Health and Beauty

Starting a business straight out of university

Funmilaya Aiyenuro graduated from university three months ago, and she’s ready to get started as a young entrepreneur.  She’s literally putting the ingredients of her business together.
She’s be doing consultations and training in making your own natural cosmetics, and providing clients with bespoke natural beauty products.
Currently she’s finalising her recipes, getting her products tested, and building her network of contacts. 

Getting started as an osteopath

Last year, Austin Plunkett qualified as an osteopath, flush with success after five years of study. Now all he needs to do is to figure out how to set up a business, and make a living, from his newfound qualification.

His first degree was in history of art, and “the internet happened when I was at university.” He tinkered around with some programming in his spare time and found himself a career in web design.

23 happy years as an osteopath

Rupert’s been an osteopath for 23 years, he’s never done anything else, and he clearly LOVES his work. 
He chuckles throughout our interview and seems quite baffled by questions about any downsides to his working life.
When he started at the British School of Osteopathy, he’d never had a treatment himself.  “My dad had though, and friends of his, and they were very keen.”  His mum, a physiotherapist, was “quite anti.” 

Becoming recognized as an expert

While looking after her two small children, Lillian Bridges knew she wanted to finish writing her book.

“I took a class at UCLA on how to write a non-fiction book."

"The teacher said, make yourself an expert in the eyes of the publisher. I said, I don't feel like an expert.”

“He said, well how long have you done faces? I said, well since I was five. He just burst out laughing and said, okay Lillian, if you're not an expert nobody is - go teach a class. I said, what?”

Making time for family by working for herself

It was when she had her first baby that Mary Madeline Day decided to work for herself.

“It was the US laws of maternity leave. I disagree that six weeks is enough to be home with the baby. When we decided to start a family, I also decided I’m going to be home, so that’s how it all started.”

Back then, Mary Madeline was a graphic artist, and initially she freelanced. “We lived up in Illinois and I actually had a lot of freelance work. It was perfect for me because with the baby I could create my own schedule basically.”

Teaching dance full time

Christine is clearly full of energy, but when I saw her six months ago she looked drained. Life in IT support in the City clearly wasn’t suiting her.

“For six months, I was just going to work, coming home, eating my dinner, and going to bed,” she says.

I saw her again a few weeks ago, and she was glowing. She’s gone full time with teaching dance, Pilates and Zumba. What a nice change to see!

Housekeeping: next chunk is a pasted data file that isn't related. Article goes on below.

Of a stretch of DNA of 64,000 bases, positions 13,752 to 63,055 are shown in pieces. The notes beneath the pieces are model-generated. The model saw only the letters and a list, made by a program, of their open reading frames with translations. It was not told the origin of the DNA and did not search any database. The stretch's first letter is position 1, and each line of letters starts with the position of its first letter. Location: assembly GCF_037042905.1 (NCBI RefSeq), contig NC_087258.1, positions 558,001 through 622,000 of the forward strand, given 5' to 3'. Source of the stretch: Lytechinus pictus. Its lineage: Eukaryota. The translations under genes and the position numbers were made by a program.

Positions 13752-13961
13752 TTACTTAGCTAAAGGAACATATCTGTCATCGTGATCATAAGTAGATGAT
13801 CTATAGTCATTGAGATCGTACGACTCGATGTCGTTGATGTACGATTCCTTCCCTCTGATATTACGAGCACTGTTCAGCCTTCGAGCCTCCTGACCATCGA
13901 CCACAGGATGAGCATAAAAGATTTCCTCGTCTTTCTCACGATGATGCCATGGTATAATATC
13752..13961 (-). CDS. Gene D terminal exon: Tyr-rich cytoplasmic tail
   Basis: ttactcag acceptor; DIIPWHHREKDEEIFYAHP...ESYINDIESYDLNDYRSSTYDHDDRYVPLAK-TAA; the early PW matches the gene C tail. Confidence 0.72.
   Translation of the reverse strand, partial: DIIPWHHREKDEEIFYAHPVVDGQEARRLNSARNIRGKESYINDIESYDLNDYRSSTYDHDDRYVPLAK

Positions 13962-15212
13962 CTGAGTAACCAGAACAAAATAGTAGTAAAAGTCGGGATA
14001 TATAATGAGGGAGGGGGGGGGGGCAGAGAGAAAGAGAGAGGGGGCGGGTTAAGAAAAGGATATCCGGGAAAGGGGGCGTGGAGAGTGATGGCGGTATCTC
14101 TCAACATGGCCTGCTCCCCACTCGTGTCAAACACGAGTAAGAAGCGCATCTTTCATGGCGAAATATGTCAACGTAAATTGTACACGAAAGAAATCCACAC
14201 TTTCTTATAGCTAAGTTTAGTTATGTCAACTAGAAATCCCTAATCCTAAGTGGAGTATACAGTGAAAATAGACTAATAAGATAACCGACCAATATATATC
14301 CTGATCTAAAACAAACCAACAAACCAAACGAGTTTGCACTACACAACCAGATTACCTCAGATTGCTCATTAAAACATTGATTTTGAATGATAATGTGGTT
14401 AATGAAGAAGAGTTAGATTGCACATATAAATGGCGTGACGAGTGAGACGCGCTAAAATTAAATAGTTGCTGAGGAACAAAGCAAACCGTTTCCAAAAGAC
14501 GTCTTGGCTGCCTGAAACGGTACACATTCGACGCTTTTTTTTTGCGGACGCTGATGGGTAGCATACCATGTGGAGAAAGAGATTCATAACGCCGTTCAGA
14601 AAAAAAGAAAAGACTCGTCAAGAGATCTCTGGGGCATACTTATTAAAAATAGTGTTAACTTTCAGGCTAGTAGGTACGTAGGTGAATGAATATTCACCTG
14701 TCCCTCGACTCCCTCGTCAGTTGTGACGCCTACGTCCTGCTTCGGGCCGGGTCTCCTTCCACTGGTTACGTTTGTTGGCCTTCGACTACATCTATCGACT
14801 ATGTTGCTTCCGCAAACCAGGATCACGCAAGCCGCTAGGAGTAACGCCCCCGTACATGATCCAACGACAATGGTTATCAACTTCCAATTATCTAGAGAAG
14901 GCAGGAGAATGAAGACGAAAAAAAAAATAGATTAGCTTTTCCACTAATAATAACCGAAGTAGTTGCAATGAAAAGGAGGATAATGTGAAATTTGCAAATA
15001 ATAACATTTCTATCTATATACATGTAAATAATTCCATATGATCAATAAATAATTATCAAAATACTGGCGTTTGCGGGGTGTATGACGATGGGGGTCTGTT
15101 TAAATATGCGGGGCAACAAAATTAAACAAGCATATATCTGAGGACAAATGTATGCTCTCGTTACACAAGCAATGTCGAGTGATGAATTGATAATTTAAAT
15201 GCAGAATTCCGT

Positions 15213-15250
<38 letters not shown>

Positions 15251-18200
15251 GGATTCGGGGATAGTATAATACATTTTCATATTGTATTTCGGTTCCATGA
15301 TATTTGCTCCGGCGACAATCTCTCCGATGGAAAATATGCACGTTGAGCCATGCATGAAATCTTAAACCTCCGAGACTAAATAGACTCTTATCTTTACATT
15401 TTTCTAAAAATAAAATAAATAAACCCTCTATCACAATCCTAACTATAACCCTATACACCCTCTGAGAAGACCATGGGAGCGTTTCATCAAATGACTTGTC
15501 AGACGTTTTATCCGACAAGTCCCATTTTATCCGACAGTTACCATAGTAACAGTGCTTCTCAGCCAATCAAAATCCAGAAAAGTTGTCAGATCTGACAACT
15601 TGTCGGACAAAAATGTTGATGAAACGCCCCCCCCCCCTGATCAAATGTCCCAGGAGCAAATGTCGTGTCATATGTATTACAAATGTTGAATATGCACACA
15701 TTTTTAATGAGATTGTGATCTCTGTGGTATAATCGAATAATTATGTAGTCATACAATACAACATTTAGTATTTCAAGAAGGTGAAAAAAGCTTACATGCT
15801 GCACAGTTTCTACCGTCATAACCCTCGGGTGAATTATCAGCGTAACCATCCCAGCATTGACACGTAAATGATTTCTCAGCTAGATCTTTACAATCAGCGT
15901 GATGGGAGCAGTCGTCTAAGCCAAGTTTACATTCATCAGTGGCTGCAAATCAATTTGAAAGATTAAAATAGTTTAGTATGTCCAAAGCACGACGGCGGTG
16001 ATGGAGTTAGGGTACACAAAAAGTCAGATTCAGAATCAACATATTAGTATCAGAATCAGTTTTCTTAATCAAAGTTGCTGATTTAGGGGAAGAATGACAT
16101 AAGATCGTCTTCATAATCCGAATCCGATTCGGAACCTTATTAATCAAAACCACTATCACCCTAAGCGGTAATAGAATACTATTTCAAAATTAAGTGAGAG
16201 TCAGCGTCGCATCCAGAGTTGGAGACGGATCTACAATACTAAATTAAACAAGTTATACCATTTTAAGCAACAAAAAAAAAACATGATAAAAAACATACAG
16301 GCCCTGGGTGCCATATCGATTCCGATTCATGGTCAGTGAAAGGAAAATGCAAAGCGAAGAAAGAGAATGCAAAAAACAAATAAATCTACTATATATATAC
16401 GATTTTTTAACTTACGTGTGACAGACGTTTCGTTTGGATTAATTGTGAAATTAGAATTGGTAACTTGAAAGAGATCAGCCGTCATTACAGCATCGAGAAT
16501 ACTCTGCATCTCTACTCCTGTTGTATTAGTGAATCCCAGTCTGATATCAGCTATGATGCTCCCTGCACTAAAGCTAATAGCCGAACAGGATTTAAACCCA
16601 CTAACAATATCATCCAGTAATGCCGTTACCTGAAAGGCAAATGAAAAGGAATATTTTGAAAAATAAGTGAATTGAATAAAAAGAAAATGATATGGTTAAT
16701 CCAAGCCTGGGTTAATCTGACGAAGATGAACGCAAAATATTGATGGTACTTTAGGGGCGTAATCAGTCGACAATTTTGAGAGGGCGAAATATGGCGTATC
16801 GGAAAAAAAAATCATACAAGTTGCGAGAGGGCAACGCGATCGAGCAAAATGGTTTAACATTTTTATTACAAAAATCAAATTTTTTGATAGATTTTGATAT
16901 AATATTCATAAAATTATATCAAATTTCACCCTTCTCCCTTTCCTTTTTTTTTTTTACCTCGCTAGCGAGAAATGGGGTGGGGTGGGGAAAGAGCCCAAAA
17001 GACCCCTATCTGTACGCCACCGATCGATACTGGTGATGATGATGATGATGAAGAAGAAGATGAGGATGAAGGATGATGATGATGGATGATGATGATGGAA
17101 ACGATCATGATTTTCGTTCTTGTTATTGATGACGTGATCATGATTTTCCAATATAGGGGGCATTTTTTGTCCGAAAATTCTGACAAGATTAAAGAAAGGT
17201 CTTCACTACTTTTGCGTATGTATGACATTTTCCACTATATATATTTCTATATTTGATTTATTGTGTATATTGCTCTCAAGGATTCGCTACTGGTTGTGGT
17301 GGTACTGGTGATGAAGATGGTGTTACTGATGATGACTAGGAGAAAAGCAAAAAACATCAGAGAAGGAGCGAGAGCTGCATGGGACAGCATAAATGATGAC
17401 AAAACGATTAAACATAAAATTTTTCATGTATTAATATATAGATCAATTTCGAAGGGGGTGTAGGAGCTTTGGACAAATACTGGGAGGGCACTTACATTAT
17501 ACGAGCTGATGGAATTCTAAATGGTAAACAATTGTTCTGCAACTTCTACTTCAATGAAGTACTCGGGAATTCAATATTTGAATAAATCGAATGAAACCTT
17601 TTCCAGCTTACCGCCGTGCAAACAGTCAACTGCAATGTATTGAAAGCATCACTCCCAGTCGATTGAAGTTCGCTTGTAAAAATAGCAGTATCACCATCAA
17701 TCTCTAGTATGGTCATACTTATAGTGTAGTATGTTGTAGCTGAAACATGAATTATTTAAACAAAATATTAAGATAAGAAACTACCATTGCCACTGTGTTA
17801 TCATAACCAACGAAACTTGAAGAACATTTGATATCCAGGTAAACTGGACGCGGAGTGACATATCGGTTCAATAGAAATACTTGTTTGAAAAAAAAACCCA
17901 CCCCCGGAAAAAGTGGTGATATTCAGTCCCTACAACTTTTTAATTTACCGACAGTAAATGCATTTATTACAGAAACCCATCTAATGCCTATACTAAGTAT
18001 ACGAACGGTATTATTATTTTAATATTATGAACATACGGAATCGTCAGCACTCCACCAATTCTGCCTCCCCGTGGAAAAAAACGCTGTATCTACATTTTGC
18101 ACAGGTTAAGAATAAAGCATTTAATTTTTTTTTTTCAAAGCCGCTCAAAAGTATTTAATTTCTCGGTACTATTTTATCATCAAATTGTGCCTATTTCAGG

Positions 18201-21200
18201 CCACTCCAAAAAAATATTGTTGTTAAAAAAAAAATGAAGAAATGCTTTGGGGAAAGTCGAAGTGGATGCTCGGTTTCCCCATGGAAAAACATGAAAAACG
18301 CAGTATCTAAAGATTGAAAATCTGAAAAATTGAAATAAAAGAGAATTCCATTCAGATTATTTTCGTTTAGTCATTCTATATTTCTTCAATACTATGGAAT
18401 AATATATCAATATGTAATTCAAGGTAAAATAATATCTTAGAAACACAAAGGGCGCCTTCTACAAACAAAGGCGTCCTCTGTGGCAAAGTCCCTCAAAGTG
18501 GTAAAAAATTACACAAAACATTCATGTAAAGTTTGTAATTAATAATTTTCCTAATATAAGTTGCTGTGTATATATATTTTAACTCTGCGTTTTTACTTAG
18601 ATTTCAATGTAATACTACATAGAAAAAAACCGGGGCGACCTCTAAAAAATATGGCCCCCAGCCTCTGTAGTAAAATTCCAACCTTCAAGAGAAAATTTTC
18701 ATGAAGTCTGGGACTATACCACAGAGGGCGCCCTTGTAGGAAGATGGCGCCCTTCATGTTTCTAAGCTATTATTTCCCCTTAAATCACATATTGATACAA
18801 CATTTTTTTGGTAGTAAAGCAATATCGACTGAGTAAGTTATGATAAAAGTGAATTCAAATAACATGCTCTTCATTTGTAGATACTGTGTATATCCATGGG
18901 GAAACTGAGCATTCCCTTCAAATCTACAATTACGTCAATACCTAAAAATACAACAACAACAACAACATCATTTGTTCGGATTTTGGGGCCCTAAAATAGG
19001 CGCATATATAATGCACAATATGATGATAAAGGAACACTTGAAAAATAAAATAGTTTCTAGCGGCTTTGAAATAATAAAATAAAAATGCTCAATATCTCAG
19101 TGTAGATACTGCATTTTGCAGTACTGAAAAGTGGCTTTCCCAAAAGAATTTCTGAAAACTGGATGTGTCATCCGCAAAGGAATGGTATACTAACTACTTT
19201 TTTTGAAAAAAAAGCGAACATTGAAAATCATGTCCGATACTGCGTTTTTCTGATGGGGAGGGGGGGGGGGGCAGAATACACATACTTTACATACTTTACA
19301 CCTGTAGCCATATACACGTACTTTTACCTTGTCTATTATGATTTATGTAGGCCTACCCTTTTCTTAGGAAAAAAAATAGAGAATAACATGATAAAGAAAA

"There's no such thing as a rich herbalist"

Mala Bissoon never set out to be self-employed, but after retraining from graphics to herbalism in 1997, “you don’t go out and get a job as a herbalist, there’s no such thing.” 

As we sit in her sitting room, her dog Lola, a manic fluffy bundle, nips around doing her best to chew my handbag.  Mala laughs as she described her career progression as “a series of mishaps“.  

Building up gradually to being her own boss

It was during youthful travel that Kerry Marshall caught the acupuncture bug. “Travelling in Asia I had come across acupuncture and some other Chinese and Asian medicine techniques, and was really attracted to it all.”

Doing various travellers’ jobs along the way, Kerry found herself in London. “I went to an open day at an acupuncture college and loved it, and loved the whole concept of study, and four years later I was an acupuncturist.”

Starting out as a personal trainer

Levente Lambert came to London from Hungary, keen to improve his English, and seek out better opportunities than he could find at home.

“In Hungary, the economy is really bad. Wherever you go, even if you have full diplomas, it’s really difficult to get a job.”

“So, many people are coming to the UK, even with several diplomas, and they are working in Starbucks or Café Nero. They earn more money here, working as a barista, than they do there working as a teacher or something.”

Loving the lifestyle of working for herself

Lacey Nagy doesn’t sound like she was ever cut out for life as an employee: “I finally had an awakening. I had been fired from every job that I have ever worked at.”

“I was late here and there, but as I really started to master the skill of punctuality and efficiency and productivity, I was always really good at every job that I did. But I would still get fired for the most crazy reasons.”

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